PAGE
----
For my second Make, I found this awesome idea on the one and only Pinterest. Throughout my series book, A Series of Unfortunate Events, the children struggle with trying to find a plan to foil Count Olaf from trying to steal their fortune. All three of the Baudelaire’s, Violet, Klaus, and even Sunny have incredible intelligence, ingenuity, and creativity when it comes to getting themselves out of a situation- and I believe this activity will help the students not only get excited about the books, but even feel like a Bauldelaire themselves. The activity is a letter from Lemony Snicket, summoning the help of the readers to tell the Baudelaire’s that Count Olaf is “on the prowl”- but it’s not that easy. The readers have to find all of the misspelled words, correct them, and using the corrected letter, form a phrase that leads to Count Olaf’s next planned attack. I really love this activity because it is fun and I feel that students will really get into it- while practicing their spelling!

Blog 3: Series & Miller’s book

Blog 3: Series & Miller’s book

For my first series book I chose The Series of Unfortunate Events by Lemony Snicket. So far, I have really enjoyed the story and I believe it will be a great read! One of my favorite parts of this book is how Snicket treat young children as mature, smart individuals. For example, the oldest member of the siblings, Violet, takes on the role of an engineer, with a bright mind always thinking of new inventions. The second, Klaus, is an avid reader who has a niche for science. Even Sunny, the baby, who can’t really speak or comprehend much, seems so be intelligent for her young age, always seeming to be more aware then we assume. By creating the central characters as strong, independent and intelligent individuals, it gives children someone to look up to, and shows them admirable characteristics for them to possibly embody. I also love how Snicket adds vocabulary excerpts as a learning tool to help children expand their vocabulary. Personally, I prefer books that are somewhat a challenge, to stimulate my mind and keep me interested in the story. I feel like this would be a great book for children seeking to excel their current reading level, and I can think of hundreds of lesson plans involving this series!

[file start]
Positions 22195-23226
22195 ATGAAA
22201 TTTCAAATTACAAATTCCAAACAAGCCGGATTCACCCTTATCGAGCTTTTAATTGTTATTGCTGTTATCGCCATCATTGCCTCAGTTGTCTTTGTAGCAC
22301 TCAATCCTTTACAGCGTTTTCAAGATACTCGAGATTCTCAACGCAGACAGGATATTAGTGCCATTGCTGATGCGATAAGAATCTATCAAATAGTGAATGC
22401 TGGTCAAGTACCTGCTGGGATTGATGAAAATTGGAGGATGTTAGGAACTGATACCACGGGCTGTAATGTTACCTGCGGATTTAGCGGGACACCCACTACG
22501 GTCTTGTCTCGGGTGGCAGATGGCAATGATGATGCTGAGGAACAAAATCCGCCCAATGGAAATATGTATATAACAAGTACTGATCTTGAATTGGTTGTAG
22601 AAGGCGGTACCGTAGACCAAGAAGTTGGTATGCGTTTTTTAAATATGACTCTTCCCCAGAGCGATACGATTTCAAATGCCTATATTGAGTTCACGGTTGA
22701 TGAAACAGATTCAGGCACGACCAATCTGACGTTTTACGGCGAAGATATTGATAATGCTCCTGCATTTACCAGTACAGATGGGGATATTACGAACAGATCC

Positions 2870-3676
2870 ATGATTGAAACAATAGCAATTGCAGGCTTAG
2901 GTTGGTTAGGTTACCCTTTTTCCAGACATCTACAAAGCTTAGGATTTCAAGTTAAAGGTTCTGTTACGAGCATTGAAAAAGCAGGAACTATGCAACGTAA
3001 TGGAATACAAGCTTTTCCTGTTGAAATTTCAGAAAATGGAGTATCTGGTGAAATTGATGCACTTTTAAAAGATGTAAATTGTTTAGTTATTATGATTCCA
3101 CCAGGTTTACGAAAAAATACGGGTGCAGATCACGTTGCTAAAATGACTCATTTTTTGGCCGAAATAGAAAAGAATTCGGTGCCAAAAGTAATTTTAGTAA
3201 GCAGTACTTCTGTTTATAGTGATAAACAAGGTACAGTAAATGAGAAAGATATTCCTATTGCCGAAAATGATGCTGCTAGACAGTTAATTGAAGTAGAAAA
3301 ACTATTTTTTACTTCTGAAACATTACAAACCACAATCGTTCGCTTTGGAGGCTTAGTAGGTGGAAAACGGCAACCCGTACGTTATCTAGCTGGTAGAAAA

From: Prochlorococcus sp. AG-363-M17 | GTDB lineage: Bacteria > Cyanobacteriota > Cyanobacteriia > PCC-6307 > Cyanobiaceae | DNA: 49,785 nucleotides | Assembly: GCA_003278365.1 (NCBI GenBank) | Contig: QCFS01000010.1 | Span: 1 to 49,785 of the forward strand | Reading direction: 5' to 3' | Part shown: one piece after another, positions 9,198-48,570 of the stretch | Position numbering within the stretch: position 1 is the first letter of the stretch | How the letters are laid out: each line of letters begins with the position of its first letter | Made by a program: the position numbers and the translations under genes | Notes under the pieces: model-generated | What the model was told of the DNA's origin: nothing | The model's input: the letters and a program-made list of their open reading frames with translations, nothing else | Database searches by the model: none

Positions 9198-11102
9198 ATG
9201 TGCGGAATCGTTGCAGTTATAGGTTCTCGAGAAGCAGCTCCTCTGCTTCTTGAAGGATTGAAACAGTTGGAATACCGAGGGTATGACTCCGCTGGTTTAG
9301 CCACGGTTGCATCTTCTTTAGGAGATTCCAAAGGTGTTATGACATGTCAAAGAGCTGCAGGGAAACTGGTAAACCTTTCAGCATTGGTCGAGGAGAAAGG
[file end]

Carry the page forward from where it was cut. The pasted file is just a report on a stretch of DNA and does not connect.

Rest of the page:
As for Miller’s book, I love her relatability and her teaching style. She understands children have chaotic lives and sometimes cannot find time outside of school to read. So she works with their schedules and points out times in their day when they can squeeze in at least 10 minutes of reading. She discusses how when teachers assign reading for class, it discourages children from truly retaining the information, and instead they skim- read, only trying to find answers. I feel that Miller not only understands the importance and vitality of reading, but also what tools children need to become readers. I am really looking forward to hearing more of her ideals, and learning how to become a “wild reader”.